Hayes played Diabolic Tutor and drew Mana Leak from Soorani who did not know if Hayes would get something he could not counter with the conditional spell. He found Griffin Sentinel a turn later and it drew another Chandra's Outrage.

Stonehorn Dignitary came down and was followed by an Auramancer. The game stalled out for a little while with the players trading minor damage back and forth -- two a turn from the Stonehorn Dignitary and one a turn from Hayes' Goblin Arsonist. The game kept up that pace until Soorani found Sphinx of Uthuun to put the game out of reach.

Final result: Shaheen Soorani - 2 Ben Hayes - 0

Saturday, 2:30 p.m.: Deck Tech – How Many Cards Would a Conley Woods...Mill?

by Brian David-Marshall
Conley Woods

Have you ever wondered how to draft the mill deck in Magic 2012? Conley Woods sat down for his draft on Day Two and opened a pack with Jace's Archivist -- a card that is very good even if you are not the mill deck -- and Merfolk Mesmerist. His second pack saw him take Cemetery Reaper over a Jace's Erasure. He proceeded to take blue and black cards throughout the remainder of the pack but when both the Merfolk Mesmerist and enchantment came back around he was squarely on the mill plan.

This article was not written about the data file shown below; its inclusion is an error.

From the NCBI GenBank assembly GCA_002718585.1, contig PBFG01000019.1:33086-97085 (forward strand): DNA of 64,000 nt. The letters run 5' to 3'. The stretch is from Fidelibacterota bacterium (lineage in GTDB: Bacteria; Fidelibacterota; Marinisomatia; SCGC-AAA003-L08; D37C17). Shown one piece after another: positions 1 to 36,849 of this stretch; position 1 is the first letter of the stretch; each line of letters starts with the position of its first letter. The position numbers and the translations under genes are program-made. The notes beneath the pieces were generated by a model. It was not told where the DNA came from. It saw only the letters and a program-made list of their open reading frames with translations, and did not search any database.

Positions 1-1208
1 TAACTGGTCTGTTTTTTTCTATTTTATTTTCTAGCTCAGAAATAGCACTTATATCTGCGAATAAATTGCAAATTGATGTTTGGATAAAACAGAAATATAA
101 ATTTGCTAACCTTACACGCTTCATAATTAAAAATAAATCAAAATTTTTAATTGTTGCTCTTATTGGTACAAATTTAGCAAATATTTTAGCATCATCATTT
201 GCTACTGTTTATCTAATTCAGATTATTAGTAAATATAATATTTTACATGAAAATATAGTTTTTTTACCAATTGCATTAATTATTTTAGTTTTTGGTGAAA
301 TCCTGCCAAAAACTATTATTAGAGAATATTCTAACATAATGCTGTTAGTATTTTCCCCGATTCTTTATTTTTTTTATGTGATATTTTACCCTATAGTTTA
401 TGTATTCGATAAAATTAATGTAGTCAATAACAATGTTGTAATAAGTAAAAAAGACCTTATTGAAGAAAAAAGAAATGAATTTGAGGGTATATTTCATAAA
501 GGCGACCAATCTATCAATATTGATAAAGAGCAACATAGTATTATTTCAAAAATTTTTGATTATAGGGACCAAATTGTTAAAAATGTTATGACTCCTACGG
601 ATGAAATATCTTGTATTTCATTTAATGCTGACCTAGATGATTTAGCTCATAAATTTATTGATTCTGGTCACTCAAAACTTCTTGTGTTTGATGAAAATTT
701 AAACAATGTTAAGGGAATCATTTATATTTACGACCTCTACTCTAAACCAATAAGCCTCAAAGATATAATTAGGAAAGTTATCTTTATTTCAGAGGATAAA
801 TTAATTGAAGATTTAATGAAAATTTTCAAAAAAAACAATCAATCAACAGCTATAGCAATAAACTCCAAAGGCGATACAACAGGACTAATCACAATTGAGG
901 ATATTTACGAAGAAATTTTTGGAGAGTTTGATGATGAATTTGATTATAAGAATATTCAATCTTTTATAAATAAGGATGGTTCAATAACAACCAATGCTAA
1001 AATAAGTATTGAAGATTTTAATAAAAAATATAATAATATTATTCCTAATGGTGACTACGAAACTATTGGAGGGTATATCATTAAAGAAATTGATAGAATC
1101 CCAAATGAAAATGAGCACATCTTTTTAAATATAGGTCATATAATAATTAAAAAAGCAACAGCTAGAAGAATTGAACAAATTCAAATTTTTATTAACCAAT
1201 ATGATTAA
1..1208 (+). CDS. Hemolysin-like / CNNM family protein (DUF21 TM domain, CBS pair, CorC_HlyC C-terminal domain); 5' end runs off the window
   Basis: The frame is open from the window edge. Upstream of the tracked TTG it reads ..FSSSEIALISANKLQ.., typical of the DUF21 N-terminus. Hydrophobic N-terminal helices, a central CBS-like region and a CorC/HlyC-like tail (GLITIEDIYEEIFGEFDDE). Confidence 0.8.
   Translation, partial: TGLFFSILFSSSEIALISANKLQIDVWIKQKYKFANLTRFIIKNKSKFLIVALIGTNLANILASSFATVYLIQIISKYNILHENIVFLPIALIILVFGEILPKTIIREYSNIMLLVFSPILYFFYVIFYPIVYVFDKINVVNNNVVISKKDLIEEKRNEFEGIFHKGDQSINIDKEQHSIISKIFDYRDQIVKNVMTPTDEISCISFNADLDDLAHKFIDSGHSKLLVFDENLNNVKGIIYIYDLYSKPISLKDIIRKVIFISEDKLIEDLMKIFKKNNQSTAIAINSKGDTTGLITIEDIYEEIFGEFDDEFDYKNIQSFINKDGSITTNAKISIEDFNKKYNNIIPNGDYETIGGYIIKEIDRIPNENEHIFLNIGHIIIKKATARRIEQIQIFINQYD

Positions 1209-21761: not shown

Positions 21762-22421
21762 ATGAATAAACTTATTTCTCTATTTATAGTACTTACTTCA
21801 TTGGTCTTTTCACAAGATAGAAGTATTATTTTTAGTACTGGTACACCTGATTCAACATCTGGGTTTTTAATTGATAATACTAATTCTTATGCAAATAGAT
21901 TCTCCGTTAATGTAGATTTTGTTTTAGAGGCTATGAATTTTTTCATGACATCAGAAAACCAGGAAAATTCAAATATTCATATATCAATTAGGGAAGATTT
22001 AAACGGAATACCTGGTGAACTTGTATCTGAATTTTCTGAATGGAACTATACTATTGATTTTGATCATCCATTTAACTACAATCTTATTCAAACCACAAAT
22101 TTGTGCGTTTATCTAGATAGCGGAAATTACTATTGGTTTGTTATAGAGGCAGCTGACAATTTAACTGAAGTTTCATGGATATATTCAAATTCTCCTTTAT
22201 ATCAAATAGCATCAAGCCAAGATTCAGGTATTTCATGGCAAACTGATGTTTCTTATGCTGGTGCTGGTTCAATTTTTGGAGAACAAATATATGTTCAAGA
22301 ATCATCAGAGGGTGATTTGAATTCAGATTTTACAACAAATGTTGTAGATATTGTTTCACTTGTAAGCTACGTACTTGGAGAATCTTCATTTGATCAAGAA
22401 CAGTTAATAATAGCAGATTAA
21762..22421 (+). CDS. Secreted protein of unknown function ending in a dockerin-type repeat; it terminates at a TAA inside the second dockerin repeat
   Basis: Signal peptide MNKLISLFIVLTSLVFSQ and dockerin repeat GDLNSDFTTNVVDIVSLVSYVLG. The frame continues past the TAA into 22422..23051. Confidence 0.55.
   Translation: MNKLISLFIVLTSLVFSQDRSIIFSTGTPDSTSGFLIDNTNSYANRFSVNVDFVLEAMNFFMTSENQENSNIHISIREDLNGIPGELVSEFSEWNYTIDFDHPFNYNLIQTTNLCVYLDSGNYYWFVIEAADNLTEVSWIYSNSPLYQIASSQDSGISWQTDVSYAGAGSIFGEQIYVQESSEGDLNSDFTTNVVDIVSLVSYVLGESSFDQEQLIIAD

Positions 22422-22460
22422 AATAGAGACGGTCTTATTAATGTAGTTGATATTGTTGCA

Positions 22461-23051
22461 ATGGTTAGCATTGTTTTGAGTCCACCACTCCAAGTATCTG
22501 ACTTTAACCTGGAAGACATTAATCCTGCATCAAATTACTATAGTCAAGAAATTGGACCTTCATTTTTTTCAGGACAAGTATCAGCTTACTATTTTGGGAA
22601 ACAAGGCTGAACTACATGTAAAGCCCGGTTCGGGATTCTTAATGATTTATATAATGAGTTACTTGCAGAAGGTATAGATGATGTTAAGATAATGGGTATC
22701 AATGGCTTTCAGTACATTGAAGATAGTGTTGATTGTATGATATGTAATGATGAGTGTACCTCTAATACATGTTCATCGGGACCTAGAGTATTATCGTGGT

In the second pack he was passed a second pick Jace, Memory Adept and he never looked back. In the end he had three Jace's Erasure, one Archivist, and the Jace, Memory Adept to go along with SIX Merfolk Mesmerists (Before anyone at home panics, in Limited you are not bound by the same deck building restrictions that govern Constructed).

Merfolk Mesmerist

He also had a pair of Visions of Beyond but left them in the sideboard in what he describes as a deck building error and brought them in for every sideboard game over his black splash.